The addressable array circuit was designed to target the yield characterization limitations of conventional passive test chips and to improve visibility to random yield issues. The primary analysis result goals were: (1) Defect density Paretos by layer; (2) Random defect bit failure visualization by die and wafer; (3) Soft via failure detection; (4) Physical X/Y locations for PFA; (5) Defectivity summary calculation and kill ratios; (6) Correlation of random yield to other test structure and product yield data. Analysis templates are run regularly and a predefined analysis report is produced. This report starts with a high-level composite random defect limited yield but also provides yield information by layer, and by structure type. Critical areas of the random defect monitor structures were extracted and used to calculate normalized defect densities. Summary yield or defect density information can then be displayed in any normal format, such as trend by lot, trend by date, Pareto, wafer contour maps, etc. An example of the composite yield trend chart is shown in
An example of the software use in drill-down analysis is shown in
As mentioned earlier, a basic set of systematic yield monitoring experiments for 65 nm requires 1000's of individual tests. Using less than 10% of the area of the 4 Mb circuit (6 out of 64 sub-arrays), 39 copies each of >8000 systematic yield DUTs were tested, or >300,000 systematic DUTs per die. Thus, meaningful failure statistics were generated for each systematic yield concern by lot, wafer, die, and across-die. Without linked targeted analysis templates, the vast amount and variety of data generated is overwhelming and unusable. Thus, a key feature of the infrastructure using the circuit of
The process window parameters can be extracted for each of the approximately 2000 groups, and can be visualized in a way that is analogous to a set of process capability metrics (Cpk) monitored electrically through failure statistics. For each set of 39 copies of a bit design, 9 check bits are also placed, which are used to screen out the noise introduced by large defects and to verify circuit functionality even when testing groups of bits in which bit failure is intentional by design, for instance, the −0.2 μm misalignment result 7D. Full check rows are also used, and the analysis software automatically labels as “excluded” any bits which are affected by bad check bit or check row results.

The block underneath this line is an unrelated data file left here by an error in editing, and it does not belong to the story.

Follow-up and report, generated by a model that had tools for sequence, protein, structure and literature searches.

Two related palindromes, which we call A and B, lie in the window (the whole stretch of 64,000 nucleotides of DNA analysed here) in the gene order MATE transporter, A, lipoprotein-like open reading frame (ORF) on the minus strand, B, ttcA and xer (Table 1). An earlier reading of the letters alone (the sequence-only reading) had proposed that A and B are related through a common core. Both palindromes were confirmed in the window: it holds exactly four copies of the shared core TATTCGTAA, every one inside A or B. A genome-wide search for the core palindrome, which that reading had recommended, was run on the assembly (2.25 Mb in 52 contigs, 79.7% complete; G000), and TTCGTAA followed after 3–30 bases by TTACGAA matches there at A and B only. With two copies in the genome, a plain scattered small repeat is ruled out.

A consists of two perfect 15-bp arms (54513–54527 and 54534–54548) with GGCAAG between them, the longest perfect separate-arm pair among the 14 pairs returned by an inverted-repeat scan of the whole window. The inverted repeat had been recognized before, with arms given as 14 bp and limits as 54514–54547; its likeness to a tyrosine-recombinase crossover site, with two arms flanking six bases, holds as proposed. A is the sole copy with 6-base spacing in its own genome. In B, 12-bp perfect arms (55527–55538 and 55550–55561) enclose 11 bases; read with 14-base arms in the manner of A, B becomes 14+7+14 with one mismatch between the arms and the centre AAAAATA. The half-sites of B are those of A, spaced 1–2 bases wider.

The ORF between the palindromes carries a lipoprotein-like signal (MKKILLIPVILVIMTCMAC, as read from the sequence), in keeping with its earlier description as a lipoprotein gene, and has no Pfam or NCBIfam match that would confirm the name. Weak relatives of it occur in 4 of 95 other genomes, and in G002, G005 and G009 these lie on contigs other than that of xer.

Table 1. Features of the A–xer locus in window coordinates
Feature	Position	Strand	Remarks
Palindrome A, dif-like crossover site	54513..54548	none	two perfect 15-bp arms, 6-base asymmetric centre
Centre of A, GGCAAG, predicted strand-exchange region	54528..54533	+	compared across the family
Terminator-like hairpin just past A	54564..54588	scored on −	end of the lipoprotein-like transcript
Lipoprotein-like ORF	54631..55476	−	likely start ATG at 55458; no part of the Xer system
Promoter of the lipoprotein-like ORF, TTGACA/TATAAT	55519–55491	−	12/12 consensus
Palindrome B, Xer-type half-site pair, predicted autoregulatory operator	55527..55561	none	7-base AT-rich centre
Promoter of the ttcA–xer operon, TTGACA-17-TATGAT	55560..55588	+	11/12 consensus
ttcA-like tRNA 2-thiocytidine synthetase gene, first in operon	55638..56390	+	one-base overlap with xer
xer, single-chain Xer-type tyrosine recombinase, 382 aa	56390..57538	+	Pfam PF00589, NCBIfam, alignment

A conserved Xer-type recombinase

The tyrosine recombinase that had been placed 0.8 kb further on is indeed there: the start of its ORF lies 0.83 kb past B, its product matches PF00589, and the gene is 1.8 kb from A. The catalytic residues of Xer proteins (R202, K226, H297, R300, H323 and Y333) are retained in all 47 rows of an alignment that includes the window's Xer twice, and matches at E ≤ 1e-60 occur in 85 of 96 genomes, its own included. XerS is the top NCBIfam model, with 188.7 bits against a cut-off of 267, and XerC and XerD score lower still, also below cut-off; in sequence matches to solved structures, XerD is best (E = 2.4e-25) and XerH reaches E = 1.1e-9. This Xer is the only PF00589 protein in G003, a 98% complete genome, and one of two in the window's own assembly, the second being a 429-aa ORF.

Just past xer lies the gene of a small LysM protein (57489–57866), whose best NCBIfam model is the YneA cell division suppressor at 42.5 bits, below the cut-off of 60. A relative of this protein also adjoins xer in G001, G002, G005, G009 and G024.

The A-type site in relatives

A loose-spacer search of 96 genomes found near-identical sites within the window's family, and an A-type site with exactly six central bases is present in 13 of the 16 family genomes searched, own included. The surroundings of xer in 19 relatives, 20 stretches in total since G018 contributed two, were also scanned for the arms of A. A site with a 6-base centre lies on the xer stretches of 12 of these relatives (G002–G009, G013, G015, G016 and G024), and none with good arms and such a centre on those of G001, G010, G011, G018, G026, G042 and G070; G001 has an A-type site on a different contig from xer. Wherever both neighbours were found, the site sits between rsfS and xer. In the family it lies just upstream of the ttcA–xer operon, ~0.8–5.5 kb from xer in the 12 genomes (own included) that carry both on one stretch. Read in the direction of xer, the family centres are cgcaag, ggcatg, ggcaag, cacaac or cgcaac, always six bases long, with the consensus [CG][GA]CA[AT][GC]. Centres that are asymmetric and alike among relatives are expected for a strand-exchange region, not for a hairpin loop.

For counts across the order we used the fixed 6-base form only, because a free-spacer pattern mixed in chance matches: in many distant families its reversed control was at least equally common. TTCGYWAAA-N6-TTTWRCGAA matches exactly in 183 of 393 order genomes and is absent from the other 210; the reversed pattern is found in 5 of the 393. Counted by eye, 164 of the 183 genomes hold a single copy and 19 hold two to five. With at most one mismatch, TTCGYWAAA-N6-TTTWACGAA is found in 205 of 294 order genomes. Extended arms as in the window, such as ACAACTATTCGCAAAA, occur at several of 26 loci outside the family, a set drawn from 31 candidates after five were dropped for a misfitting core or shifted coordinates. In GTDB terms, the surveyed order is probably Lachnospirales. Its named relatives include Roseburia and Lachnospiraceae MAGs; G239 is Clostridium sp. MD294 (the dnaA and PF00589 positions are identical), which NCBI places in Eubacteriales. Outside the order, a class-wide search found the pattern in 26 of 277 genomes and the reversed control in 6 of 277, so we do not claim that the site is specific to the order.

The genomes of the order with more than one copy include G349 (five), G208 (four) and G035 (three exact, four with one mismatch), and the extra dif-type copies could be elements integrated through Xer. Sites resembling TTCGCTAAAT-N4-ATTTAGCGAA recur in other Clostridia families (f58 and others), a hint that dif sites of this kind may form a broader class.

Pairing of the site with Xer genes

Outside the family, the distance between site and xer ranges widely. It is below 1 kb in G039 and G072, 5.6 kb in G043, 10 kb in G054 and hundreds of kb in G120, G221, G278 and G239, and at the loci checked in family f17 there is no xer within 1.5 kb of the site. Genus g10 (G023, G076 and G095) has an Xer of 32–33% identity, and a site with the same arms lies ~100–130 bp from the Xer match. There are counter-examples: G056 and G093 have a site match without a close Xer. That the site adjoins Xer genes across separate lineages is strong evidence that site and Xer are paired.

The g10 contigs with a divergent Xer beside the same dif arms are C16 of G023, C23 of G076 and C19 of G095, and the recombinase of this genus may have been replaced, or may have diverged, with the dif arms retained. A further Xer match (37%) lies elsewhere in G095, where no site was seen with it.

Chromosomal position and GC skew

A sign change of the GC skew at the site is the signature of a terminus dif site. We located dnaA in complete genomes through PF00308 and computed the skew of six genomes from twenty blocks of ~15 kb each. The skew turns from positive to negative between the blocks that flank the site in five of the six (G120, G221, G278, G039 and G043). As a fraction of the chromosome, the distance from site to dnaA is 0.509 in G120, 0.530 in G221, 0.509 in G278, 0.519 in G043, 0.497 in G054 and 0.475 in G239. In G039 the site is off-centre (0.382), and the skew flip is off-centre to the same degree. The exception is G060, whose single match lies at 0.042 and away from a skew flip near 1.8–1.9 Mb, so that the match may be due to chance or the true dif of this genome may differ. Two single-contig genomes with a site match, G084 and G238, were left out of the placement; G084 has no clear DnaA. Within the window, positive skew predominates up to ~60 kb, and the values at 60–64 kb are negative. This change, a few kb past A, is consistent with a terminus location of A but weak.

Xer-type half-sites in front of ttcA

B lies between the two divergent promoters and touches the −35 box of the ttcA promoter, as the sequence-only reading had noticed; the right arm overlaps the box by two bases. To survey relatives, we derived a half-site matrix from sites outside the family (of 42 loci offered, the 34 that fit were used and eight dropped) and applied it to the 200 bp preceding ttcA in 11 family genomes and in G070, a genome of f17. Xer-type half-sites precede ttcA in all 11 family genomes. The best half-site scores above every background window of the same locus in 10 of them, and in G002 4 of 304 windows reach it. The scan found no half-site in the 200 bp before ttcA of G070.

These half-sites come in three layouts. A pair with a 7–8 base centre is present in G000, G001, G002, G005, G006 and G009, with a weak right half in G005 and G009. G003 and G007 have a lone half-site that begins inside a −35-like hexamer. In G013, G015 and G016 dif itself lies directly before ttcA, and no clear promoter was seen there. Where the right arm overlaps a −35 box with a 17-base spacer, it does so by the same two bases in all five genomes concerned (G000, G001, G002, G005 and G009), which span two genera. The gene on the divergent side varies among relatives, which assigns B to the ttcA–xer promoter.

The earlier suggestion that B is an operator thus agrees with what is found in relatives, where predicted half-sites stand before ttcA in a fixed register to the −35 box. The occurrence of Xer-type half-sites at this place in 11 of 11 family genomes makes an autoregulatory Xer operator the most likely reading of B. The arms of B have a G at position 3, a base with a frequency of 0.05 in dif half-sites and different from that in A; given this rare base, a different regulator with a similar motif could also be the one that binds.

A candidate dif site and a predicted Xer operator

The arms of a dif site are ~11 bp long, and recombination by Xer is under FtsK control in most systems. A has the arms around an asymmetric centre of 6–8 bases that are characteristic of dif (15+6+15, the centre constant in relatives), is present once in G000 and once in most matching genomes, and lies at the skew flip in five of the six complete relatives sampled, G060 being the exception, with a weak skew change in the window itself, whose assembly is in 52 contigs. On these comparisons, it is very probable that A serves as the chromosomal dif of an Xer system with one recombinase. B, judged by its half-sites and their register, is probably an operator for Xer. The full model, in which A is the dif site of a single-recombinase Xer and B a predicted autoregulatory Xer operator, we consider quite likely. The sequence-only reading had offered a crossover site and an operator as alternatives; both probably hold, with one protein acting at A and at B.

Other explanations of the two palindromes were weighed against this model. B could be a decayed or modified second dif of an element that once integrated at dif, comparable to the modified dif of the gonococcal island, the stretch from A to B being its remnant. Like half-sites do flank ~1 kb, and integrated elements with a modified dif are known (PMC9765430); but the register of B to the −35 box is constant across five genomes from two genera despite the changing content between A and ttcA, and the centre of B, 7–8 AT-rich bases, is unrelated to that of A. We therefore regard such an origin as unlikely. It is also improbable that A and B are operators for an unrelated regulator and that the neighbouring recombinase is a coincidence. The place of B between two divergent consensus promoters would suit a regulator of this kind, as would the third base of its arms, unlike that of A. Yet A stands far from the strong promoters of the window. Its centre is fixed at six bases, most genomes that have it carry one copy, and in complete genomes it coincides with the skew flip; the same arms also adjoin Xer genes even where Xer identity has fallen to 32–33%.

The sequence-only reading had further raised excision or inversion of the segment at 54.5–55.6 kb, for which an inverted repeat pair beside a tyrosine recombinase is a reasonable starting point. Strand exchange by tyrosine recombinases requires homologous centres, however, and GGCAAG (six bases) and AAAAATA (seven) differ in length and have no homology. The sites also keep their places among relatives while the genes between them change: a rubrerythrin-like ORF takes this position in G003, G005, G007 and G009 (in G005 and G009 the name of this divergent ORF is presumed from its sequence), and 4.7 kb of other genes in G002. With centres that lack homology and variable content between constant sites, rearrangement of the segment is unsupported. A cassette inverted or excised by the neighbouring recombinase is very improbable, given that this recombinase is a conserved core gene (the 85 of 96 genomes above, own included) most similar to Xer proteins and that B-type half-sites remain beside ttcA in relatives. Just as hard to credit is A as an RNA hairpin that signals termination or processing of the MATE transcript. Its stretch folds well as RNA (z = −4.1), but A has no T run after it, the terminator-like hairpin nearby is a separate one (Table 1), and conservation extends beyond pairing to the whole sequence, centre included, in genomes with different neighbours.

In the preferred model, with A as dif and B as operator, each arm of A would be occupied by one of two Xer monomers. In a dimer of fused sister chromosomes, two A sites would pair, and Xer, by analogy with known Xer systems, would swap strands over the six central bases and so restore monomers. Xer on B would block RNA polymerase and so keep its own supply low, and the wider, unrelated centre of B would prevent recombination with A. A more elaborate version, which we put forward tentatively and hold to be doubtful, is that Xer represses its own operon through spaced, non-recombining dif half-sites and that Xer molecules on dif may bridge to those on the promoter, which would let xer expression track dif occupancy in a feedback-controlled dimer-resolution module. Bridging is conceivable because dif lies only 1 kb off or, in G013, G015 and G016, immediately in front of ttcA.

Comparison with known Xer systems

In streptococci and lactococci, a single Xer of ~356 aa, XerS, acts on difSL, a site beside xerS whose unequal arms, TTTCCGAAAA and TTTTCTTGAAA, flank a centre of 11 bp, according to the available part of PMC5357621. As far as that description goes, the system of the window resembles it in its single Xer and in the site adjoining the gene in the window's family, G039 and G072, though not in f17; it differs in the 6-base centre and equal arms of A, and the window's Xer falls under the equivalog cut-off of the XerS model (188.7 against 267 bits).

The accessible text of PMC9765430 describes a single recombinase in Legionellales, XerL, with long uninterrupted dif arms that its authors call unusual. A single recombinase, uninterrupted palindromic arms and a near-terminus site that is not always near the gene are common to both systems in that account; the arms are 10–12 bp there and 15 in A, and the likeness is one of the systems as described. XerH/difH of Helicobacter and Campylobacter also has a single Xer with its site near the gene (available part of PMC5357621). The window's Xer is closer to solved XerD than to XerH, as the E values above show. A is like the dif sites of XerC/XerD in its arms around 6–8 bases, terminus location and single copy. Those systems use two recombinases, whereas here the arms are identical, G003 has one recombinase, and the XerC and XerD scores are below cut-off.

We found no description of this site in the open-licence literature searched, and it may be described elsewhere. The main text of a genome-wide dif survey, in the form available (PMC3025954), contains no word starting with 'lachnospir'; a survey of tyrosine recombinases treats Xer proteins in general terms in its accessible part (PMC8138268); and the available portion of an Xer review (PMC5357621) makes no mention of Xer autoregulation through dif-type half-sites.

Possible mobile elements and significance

The stored process window parameters are all available for further standard analyses such as Pareto, trend chart and Statistical Process Control (SPC) analysis, correlation to inline metrology data, correlation to process qualification circuit yields, bit-mapping, wafer-mapping, etc. An example of how the process window parameter in
As will be apparent to a skilled artisan on review of
In one illustrative embodiment shown in
Process 910 (
System design (stage 912): The circuit designers describe the functionality that they want to implement, they can perform what-if planning to refine functionality, check costs, etc. Hardware-software architecture partitioning can occur at this stage. Exemplary EDA software products from Synopsys, Inc. that can be used at this stage include Model Architect, Saber, System Studio, and DesignWare® products.